Lab 3 - Insecure file storage

Mobile apps today do a lot of crazy things. Often, it is a necessity for a developer to store files on the device itself, but there are numerous issues that may arise from doing this.

One example, is storage on an SD card. Typically, if we look at a mobile application, its file systems are sandboxed into certain directories preventing other applicaitons that may be malicious from accessing another apps sensitive data.

However, storage on an SD card raises various issues on Android since the card is removable. If the card is placed in another system that doesn’t obey the file permission rules, the files would be openly accessible. This makes it important to understand why developers should consider where to store their files and whether the files should have added protection.

In this lab, we’ll see how Android file permissions are assigned when files are stored on an SD card.

Load the base.apk, and open the application.

main screen

Open the “Statement” menu, and load a statement from the list. If none exist, then first create a transfer between accounts and a statement will automatically be generated.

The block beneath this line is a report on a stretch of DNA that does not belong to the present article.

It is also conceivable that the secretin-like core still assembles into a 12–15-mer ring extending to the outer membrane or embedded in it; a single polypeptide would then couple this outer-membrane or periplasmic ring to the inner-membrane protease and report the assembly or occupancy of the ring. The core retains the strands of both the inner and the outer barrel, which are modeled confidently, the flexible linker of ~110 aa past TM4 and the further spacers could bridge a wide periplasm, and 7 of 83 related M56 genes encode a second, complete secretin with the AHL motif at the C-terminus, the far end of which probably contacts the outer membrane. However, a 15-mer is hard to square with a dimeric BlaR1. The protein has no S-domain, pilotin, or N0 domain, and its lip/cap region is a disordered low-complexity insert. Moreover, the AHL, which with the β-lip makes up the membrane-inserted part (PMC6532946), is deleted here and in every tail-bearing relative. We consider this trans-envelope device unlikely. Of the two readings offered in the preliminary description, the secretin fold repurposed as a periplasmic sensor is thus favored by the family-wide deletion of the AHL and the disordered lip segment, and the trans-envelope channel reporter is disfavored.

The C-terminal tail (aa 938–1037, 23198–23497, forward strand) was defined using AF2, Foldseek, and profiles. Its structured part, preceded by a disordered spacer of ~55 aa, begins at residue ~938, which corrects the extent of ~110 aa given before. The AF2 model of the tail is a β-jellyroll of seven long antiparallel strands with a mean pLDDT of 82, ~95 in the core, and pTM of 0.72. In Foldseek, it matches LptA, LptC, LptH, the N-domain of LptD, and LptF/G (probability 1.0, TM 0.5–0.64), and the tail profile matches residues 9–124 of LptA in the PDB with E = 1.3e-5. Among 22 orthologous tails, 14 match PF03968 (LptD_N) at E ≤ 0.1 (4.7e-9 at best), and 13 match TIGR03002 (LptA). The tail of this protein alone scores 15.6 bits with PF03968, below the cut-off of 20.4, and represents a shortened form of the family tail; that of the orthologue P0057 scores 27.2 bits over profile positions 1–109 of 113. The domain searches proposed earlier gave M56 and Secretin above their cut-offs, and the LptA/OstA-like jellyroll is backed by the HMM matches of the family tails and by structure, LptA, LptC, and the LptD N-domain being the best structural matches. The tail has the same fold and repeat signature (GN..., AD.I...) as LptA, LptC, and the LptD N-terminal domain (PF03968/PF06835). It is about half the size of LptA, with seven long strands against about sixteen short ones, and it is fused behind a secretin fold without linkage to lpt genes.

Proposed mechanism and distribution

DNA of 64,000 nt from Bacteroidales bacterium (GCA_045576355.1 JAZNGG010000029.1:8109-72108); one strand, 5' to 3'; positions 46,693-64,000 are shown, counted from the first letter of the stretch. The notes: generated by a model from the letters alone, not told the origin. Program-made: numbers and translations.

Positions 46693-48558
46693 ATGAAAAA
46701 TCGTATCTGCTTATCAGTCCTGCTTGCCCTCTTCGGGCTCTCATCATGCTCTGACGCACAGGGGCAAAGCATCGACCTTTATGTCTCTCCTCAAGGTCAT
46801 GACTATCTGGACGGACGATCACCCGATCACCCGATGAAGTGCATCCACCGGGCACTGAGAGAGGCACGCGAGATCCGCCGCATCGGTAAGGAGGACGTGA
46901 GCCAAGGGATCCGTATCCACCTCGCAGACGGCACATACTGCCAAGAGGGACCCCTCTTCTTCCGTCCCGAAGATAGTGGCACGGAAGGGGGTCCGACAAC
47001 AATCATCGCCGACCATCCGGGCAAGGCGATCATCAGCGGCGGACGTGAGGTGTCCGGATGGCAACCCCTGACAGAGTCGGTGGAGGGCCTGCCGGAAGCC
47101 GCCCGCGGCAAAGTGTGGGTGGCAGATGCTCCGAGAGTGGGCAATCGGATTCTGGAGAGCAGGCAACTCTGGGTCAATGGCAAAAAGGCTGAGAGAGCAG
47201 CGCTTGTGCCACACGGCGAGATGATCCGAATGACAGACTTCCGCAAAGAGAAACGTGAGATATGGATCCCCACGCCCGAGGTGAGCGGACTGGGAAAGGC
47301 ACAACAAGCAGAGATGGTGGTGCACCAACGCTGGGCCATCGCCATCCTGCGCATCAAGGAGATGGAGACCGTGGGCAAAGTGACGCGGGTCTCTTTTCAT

You’ll notice that these statements are also available offline.

Let’s go into the SDCARD directory. SD cards are mounted at /mnt/sdcard for the emulator (this may differ on a real device).

Also, you’ll notice that within the application, statemnets are created in what seems like a webview or HTML file. We can find this HTML file on the SDCARD which can be accessed by going to


the file will be named by number date and opening it will show you the insecurely stored statement file in HTML format. anyone with access to the sdcard will be able to gain access to this file. Also other applications could read from the file. sdcard permissions Take a look at the file permissions:

----rwxr-x system sdcard_rw 160 2011-08-03 16:48 1312361332270.html

the file is stored as world readable, allowing any other application to access the file.

sdcard statements

We could also simply just read the HTML file right away, disclosing information about the user’s bank account and statements.


The key lies in setting the permission flags on the sensitive files. Obviously an attacker with root access (or an application that can root the phone) will still be able to open the file in question, but a standard app that doesn’t break out of the sandbox will not be able to access files that are private.

In the FilePermissionsSolution branch of the code repository, you will see that we save the file with the private mode set and no longer store it on the sdcard:

FileOutputStream outputFileStream = openFileOutput(Long
                + ".html", MODE_PRIVATE);